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Form Follows Climatic Conditions

Tooker House,Tempe, Arizona (USA) is a multifacility structure, built keeping climate in mind along with sustainable design.The Complex looks like an eight figured structure in plan from east to west side. The plan allows wind to flow through the space and it also acts as a self shading structure.This sitting also allows solar control on the south facade which is visually expressed by louvers( built with the intention of balancing the amount of optimum daylight entering each window).Exterior louvers and solar canopies at southeast sandstone facade limit solar heat gain on the southern facades. Sandstone is used as construction material to withstand the harsh climatic conditions.Glazing units are installed in the building with significant shading to provide sufficient daylight and transparency to interior space without losing thermal performance of the structure and comfort.Perforated metal cladding for transitional spaces like bridges , stairs helps to provide good ventilation and on same time provide solar protection.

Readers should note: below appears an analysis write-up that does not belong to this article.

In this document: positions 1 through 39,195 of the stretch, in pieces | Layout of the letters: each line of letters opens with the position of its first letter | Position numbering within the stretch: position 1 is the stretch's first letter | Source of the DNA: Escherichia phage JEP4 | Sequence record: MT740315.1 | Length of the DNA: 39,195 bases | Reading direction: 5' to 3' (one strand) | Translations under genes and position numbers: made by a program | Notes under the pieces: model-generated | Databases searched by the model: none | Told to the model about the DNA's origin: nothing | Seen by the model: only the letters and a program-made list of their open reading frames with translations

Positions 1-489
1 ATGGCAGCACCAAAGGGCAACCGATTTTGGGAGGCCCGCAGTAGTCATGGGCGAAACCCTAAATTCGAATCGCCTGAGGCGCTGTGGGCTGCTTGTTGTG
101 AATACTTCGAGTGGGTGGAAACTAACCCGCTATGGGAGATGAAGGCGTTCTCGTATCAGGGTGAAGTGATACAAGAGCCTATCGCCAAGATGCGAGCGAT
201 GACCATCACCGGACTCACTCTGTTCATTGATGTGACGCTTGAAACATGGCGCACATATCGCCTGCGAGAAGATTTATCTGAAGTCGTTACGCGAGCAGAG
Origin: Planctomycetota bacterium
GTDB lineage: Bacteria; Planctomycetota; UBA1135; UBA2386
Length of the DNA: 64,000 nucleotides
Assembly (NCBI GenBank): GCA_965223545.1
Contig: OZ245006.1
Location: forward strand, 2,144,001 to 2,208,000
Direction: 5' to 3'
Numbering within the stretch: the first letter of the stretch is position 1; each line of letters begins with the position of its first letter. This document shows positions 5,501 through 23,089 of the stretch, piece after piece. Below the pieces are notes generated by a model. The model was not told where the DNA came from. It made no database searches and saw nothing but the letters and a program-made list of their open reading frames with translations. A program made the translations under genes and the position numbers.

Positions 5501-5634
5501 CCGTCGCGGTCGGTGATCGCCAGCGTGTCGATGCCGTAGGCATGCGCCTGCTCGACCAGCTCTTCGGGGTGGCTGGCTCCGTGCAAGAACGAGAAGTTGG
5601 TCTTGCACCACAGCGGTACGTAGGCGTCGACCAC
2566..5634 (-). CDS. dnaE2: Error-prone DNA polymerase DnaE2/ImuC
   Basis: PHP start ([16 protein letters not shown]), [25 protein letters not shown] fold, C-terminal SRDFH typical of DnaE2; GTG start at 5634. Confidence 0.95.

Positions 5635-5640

The climate approach of design should not be limited to the windows and louvers, it also involves the plans, the shape and very heart of the building.It also helps the structure to last for a longer time and adapt to the changes in the surrounding.Climate-responsive design is not only more sustainable from an environmental perspective, but it also increases occupant comfort and workplace satisfaction. Designing within the climatic envelope means the building will be quieter because it doesn’t need as many noisy mechanical systems, will be more comfortably lit with appropriate daylighting rather than electric lighting, and will be healthier due to the presence of fresh rather than recycled air.The design of pleasant buildings that ensure physiological comfort of users is achieved through an understanding of the climate and the human responsive systems.